Business leaders, lawmakers, bureaucrats, judges—anybody who has a bearing on policy—should be tested periodically to determine fitness for their roles
In many countries, every time a driving licence comes up for renewal, the applicant is subjected to a fresh test to ensure that she is physically and mentally fit to drive. Similarly, whenever a passport comes up for renewal, invariably, fresh police verification is done. The applicant is put to series of questions to ensure that she is ‘fit’ to have an authorisation by the government to travel to a different port. In every sport, the players are subjected to thorough tests each season and sometimes every time they take the field—dope test. In militaries and police forces across the world, periodic tests are mandatory for one and all.
Astronauts, seamen and commercial pilots are also routinely tested to ensure their fitness and preparedness. There are innumerable other cases where people performing any public activity or playing a responsible role affecting other people would be, as a matter of rule and good practice, tested periodically to ensure that they are fit and proper for their job.
Thus, it is surprising, rather striking, to note that globally there are no such ‘tests’ prescribed for some of the most important people in public life whose actions, inactions, policies, strategies, and sayings seriously affect the lives of the general public. I am referring to chairmen, MDs, directors and CEOs of private and public sector companies and organisations, bureaucrats at all levels in the government, politicians at all levels (particularly elected representatives to assemblies and Parliament’s Lower and Upper Houses and ministers in governments who are responsible for a very important task: legislation), people in judicial positions, from magistrates to session court judges, high court judges and judges in the Supreme Court, who are supposed to deliver justice by interpreting law and judge actions of parties involved on the basis of neutrality, fairness, without fear or favour and exercising ‘balance’ between various viewpoints on serious matters that come up to them for decision.
I am sure that again as we look around, there would be many more people in positions of power and authority with different levels of responsibilities to be fulfilled, who carry on in their positions without any periodic tests to determine fitness for their roles.
I feel that the need for re-evaluation or test for individuals in this category becomes even more significant today because of rapid changes taking place in society spurred by breathtaking technological evolution, which brings global knowledge and thereby practices closer. Look at the rapid growth and adoption of digital platforms for social media, e-commerce, e-services, other numerous applications touching every sphere of our day to day living and fast-growing use of AI to have greater efficiencies, quality of work and decision making.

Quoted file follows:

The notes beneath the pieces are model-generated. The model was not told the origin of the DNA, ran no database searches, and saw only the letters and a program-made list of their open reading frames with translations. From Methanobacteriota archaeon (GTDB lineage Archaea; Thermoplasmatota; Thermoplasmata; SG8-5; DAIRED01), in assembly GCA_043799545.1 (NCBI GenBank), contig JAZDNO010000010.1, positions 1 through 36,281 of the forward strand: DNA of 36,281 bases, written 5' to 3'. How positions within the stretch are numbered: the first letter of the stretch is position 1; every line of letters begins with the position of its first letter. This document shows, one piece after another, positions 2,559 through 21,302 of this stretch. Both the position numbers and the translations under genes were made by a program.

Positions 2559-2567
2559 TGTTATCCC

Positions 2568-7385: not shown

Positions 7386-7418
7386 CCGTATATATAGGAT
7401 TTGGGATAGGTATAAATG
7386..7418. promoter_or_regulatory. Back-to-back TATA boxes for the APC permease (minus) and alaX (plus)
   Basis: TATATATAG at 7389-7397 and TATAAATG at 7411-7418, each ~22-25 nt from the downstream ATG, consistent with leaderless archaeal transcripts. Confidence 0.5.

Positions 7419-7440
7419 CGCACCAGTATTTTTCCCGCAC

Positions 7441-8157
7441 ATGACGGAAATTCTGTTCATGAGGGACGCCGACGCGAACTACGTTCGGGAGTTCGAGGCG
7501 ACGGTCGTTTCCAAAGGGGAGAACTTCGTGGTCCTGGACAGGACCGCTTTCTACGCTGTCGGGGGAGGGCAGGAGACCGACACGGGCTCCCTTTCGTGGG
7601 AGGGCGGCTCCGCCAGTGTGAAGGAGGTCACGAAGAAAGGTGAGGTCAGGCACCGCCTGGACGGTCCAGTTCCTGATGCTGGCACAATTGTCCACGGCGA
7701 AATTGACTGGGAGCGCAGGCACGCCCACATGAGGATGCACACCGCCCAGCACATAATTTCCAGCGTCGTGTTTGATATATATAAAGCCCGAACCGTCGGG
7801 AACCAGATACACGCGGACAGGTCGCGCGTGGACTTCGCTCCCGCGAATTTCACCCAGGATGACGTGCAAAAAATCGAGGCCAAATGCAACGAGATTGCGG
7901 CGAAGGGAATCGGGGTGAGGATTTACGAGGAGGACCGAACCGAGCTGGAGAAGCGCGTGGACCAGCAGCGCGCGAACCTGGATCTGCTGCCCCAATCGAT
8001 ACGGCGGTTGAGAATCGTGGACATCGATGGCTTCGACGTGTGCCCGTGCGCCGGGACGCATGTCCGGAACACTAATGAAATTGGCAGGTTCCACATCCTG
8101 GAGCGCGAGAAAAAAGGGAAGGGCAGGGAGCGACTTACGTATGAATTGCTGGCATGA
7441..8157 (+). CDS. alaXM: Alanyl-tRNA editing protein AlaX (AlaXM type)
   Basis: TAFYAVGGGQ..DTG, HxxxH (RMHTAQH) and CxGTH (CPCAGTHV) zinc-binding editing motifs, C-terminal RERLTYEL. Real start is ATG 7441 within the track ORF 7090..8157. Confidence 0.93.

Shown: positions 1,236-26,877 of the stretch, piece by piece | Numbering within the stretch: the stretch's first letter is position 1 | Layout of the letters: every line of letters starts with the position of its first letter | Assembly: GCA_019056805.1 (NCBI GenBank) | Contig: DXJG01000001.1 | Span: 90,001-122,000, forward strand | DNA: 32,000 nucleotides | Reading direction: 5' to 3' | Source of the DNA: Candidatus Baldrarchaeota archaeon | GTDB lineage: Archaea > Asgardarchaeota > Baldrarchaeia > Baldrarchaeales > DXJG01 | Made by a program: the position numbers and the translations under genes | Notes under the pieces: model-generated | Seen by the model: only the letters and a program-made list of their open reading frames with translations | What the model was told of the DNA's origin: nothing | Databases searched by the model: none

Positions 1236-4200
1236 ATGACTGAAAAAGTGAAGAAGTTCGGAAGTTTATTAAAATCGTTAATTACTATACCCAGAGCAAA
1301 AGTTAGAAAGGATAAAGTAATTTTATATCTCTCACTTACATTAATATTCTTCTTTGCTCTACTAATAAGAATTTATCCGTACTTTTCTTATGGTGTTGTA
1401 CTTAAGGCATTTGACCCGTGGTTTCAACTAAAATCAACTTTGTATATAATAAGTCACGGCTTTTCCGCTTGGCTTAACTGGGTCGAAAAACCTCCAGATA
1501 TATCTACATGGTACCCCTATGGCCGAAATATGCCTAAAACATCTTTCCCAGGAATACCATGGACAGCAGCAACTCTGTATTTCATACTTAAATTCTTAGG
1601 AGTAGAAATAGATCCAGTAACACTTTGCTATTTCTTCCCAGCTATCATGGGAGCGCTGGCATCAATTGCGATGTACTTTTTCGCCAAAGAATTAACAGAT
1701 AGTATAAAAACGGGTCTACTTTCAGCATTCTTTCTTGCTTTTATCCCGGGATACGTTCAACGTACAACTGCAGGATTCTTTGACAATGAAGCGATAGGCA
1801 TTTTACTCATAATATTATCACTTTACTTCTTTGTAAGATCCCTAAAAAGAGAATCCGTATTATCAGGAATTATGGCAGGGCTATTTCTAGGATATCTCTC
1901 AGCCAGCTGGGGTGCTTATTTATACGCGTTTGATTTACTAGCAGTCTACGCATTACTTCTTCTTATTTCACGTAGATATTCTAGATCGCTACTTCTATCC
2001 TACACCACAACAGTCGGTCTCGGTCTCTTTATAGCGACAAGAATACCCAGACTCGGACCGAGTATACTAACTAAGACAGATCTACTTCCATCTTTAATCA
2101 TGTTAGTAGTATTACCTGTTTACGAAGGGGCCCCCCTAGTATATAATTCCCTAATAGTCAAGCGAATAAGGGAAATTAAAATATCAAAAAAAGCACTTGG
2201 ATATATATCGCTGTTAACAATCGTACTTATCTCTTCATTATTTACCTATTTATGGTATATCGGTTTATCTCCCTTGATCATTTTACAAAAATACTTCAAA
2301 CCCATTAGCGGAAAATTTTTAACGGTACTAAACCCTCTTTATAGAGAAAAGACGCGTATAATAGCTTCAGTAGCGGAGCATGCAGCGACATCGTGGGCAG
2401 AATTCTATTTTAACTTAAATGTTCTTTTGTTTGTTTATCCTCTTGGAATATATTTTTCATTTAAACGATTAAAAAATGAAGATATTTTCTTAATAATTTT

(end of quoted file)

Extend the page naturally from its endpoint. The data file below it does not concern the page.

The technological advancements leading to such digital transformations are cases in point that have seriously impacted and changed our way of living and working. These changes, in turn, bring commensurate legislative changes—sometimes, so many and so quick that it would take a supercomputer to fully absorb the impact of all of them.
In India itself, some of the recent changes, eg, direct tax code, Companies Act, labour laws, the introduction of GST, IBC, constitutional amendments affecting the application of Article 370, Citizen Amendment Act 2019 (CAA), major changes in Accounting Standards of India (IAS), various laws and rules relating to data privacy in view of the explosion of social media/digital platforms and laws relating to cybersecurity, to list a few, bear testimony to serious disruption in rules, laws and ways of working in our day to day life at a pace which was unimaginable before.
In light of such major changes, I feel it has become imperative for all people in positions of authority and responsibility (some of them listed above) to mandatorily undergo periodic refresher courses with respect to (a) developments directly related to and concerning their work and direct responsibilities and (b) generic developments and advancements as illustrated above. For generic developments, it may be desirable for recognised institutions like IIMs, for instance, to release common study materials periodically, which could be used by everyone.
Such ‘retrainings’ could be, to begin with, left to each institution itself— whether public, private, legislative, executive or judicial—so as to have better and easier acceptability. Similarly, the ‘certifications’ with respect to such training courses could also be left to the respective institutions. It may also be desirable that for such ‘retrainings’ become ‘best practices’, suitable disclosures at relevant places (e.g. in Annual Reports for the company’s senior executives and directors) be made mandatory.
I have no doubt that such ‘refreshed’ individuals will be able to discharge their responsibilities with significantly better quality than what we unfortunately see today in some cases. The absence thereof, on the other hand, could leave many ‘experienced’ professionals out of sync with ground realities and make them redundant, irrelevant and ‘unfit’ to discharge their responsibilities.
Vice chairman, Bharti Enterprises and Author of ‘Some Sizes Fit All’. Views are personal